A cable-stayed bridge is a spanning structure that uses cables connected to the towers (also known as pylons) to support the roadway. Depending on the length of the bridge, cable-stayed spans have one or more towers.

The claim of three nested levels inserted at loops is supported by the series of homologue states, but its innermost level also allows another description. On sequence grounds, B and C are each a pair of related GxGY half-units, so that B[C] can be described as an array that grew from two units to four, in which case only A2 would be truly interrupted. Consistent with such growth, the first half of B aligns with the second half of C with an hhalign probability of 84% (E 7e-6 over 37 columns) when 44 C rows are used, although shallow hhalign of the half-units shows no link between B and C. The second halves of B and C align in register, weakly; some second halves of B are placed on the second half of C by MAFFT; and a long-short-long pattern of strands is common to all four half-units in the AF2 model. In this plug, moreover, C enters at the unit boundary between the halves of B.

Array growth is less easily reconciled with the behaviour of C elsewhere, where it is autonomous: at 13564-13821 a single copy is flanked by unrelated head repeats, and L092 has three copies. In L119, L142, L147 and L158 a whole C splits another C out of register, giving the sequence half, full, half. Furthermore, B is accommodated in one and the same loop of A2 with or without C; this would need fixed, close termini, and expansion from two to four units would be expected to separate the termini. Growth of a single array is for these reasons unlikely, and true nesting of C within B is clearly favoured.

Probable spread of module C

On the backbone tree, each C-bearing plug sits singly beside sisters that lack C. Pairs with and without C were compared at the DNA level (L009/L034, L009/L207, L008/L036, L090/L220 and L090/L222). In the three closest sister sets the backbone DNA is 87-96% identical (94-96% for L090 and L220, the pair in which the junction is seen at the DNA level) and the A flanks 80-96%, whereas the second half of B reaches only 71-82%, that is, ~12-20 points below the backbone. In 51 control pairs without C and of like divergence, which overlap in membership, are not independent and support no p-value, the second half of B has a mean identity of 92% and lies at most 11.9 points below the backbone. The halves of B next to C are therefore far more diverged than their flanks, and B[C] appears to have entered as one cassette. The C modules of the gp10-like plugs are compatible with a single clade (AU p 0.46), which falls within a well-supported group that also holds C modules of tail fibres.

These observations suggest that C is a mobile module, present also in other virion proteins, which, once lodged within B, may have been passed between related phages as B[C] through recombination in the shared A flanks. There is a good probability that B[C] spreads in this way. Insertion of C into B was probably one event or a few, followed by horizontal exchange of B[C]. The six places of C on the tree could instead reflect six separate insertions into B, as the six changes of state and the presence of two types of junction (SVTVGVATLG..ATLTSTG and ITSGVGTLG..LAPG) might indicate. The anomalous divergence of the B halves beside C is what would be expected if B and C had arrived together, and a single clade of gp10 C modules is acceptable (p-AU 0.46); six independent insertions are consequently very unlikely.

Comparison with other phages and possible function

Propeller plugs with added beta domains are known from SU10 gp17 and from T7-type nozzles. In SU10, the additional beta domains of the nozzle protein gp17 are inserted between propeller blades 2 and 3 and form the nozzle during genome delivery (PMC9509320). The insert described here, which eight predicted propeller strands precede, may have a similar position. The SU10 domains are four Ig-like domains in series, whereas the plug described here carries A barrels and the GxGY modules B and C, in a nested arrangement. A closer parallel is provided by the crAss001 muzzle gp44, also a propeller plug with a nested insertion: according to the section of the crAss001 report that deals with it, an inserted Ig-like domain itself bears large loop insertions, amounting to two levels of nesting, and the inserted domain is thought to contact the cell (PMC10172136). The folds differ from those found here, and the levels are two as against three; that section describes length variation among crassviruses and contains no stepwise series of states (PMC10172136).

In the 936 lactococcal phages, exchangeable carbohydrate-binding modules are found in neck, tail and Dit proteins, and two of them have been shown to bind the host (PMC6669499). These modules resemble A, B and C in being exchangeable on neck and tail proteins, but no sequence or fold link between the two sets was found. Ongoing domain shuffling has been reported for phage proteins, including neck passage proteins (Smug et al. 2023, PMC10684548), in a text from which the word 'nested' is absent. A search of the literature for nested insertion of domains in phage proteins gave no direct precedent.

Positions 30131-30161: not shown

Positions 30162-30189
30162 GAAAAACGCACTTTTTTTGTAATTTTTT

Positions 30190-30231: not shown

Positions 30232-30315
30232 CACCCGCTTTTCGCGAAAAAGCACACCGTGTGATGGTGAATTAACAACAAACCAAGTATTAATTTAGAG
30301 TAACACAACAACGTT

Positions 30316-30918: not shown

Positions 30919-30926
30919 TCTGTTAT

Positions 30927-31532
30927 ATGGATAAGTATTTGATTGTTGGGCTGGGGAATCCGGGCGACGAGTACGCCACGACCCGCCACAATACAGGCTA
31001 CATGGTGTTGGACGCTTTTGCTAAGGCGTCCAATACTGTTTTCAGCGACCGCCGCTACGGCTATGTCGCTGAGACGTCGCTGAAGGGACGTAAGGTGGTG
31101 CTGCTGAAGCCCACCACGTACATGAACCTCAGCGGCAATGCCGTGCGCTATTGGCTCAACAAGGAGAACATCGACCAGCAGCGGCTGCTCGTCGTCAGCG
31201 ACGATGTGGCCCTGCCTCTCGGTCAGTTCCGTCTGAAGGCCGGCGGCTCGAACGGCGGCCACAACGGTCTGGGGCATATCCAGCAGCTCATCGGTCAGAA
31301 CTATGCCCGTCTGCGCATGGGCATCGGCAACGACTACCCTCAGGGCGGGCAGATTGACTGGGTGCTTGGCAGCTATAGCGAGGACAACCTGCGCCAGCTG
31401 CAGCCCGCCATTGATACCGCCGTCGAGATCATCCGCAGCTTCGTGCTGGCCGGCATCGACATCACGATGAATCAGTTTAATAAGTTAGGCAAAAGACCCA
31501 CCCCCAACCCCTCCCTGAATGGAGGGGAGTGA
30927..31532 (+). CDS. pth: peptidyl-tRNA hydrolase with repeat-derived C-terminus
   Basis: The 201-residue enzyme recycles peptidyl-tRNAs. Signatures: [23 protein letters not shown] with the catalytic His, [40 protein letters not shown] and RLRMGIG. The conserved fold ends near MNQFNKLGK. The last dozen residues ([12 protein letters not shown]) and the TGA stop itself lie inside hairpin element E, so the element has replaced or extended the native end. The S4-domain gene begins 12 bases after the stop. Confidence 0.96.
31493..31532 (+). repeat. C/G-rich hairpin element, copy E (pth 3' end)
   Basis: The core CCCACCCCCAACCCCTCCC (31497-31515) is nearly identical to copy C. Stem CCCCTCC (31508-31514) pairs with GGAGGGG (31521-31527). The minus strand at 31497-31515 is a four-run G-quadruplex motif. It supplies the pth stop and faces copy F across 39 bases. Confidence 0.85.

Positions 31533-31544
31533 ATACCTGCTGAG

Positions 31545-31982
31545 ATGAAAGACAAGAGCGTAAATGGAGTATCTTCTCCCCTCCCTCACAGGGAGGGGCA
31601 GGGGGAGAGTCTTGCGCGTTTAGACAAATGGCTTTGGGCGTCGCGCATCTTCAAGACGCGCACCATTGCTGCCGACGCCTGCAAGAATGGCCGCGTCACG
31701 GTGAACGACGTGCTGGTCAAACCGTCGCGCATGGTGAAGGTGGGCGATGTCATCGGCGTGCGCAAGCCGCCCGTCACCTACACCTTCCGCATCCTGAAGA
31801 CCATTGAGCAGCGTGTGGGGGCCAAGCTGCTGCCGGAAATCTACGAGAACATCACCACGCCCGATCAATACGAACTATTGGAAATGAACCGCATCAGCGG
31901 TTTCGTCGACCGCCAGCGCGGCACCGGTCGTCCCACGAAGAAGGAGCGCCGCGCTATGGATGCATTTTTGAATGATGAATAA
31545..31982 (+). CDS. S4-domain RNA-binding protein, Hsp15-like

Cable-stayed bridges share some similarities to suspension bridges; they both utilize towers and cables to support the roadway. Whereas suspension bridges have cables that anchor into the ground at either end of the span, running over the tops of the towers, cable-stayed bridges tie their cables into the towers themselves. Generally, there are two formats for cable-stayed bridges. Parallel or harp bridges anchor cables equidistantly from each other across the bridge and up the towers. Radial or fan bridges anchor the cables on the tower in one spot and spread out along the roadway.